It depends whether the question on the language or on the programming.
in reply to Meditations on the Nature of Code Exams
In college, I encountered both kinds of questions, sometimes on the same test. And when I conduct interviews,
I ask both kinds of questions.
Language questions tend to be short, and rarely represent complete programs, and I expect near perfect syntax. Cool language tricks earn bonus points. Some of the Perl questions I might ask are:
Programming questions tend to be more involved, and can be often answered using pseudocode. Language tricks are dangerous, as they can mask your knowledge. If I ask you to implement an efficient sort routine, and your only response is some library call, you aren't going to score any points with me.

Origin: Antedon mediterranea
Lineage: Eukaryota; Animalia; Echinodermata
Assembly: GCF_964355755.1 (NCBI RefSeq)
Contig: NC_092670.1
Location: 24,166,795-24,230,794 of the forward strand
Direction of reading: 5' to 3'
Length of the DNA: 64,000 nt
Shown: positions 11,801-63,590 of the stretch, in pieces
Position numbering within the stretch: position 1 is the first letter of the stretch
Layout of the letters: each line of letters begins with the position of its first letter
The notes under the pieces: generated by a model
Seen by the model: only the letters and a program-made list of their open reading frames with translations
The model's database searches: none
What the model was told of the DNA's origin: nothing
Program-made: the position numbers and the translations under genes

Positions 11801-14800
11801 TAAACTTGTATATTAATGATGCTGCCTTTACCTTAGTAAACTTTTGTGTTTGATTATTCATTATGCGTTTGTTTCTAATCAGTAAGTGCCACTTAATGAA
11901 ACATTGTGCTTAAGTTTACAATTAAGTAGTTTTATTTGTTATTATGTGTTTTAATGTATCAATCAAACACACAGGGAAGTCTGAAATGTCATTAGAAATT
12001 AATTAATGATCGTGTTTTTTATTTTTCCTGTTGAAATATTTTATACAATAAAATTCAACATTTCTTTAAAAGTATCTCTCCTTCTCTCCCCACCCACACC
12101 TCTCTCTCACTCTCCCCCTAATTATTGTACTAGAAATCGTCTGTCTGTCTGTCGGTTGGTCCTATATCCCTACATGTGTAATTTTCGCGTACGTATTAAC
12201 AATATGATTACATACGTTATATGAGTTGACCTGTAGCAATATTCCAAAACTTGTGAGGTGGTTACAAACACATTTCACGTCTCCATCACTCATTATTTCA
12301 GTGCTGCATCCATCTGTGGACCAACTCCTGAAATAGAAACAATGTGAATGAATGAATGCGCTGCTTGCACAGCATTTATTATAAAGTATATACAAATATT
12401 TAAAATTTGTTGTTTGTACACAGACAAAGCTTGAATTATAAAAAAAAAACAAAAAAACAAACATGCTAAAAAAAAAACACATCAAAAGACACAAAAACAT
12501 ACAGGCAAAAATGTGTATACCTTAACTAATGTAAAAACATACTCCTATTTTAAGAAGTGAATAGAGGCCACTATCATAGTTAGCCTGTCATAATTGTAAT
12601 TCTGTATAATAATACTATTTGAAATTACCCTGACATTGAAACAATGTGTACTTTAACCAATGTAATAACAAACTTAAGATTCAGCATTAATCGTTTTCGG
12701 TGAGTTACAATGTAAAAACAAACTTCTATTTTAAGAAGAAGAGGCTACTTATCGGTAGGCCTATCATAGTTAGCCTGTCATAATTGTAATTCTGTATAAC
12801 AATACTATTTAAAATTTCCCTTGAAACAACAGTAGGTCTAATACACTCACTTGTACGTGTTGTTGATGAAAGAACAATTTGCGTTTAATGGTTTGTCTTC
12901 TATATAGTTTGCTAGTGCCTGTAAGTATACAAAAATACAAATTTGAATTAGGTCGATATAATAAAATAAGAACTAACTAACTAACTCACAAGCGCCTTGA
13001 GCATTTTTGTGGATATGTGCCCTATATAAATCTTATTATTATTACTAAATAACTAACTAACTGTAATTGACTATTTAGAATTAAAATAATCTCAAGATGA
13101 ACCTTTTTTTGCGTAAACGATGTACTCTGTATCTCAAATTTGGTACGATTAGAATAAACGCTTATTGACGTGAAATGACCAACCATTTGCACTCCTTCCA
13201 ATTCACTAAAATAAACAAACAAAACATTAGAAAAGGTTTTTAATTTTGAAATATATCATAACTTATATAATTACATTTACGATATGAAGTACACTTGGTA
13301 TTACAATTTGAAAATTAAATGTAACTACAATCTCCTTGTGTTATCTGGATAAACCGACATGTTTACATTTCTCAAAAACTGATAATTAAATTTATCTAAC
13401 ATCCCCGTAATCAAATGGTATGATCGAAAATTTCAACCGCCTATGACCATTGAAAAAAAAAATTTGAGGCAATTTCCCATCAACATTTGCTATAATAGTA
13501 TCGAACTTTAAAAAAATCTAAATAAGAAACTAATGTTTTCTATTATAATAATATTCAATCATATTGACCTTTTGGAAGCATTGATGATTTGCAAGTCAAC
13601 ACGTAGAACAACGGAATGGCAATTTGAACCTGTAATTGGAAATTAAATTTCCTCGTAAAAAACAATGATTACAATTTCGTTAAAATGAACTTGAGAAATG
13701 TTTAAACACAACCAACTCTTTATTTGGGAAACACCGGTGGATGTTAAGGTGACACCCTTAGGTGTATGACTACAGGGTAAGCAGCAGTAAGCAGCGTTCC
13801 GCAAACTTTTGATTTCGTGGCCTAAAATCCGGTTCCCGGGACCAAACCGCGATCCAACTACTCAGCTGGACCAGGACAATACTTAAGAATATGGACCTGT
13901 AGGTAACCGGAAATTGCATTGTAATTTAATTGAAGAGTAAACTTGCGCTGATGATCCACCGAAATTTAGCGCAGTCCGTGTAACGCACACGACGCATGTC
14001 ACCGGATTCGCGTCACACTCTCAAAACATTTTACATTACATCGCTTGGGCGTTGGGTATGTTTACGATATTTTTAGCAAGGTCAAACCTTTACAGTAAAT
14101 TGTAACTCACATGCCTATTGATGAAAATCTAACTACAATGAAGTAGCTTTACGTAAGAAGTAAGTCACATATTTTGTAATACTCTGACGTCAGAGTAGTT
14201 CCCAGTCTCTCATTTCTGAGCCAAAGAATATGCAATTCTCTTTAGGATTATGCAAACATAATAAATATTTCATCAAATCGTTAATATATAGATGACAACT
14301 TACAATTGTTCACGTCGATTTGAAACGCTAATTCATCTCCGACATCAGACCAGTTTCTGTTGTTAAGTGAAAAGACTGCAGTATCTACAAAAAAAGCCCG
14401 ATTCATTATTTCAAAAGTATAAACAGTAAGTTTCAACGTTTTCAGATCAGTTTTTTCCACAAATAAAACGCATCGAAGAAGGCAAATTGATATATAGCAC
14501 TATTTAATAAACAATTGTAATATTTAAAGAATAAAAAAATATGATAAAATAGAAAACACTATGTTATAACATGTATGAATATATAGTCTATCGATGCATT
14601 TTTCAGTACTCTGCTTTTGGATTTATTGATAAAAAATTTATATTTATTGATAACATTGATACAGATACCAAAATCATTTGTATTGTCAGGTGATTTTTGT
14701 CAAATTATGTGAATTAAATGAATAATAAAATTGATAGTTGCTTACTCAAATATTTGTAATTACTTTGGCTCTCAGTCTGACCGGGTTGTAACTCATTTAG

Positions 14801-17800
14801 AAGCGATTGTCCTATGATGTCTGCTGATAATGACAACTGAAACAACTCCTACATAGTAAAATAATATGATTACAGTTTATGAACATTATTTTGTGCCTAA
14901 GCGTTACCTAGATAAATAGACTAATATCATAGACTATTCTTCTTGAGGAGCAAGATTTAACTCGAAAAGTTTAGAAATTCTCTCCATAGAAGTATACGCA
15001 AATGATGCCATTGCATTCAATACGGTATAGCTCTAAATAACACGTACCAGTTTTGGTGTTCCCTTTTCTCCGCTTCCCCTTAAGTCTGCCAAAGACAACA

- Print out the keys of the third hash in array @a.
- Deduplicate the elements in array @a.
Bottom line, a test is your opportunity to demonstrate your understanding of the subject matter...correctness is secondary. Make sure you know what is being asked, and what the expectations are.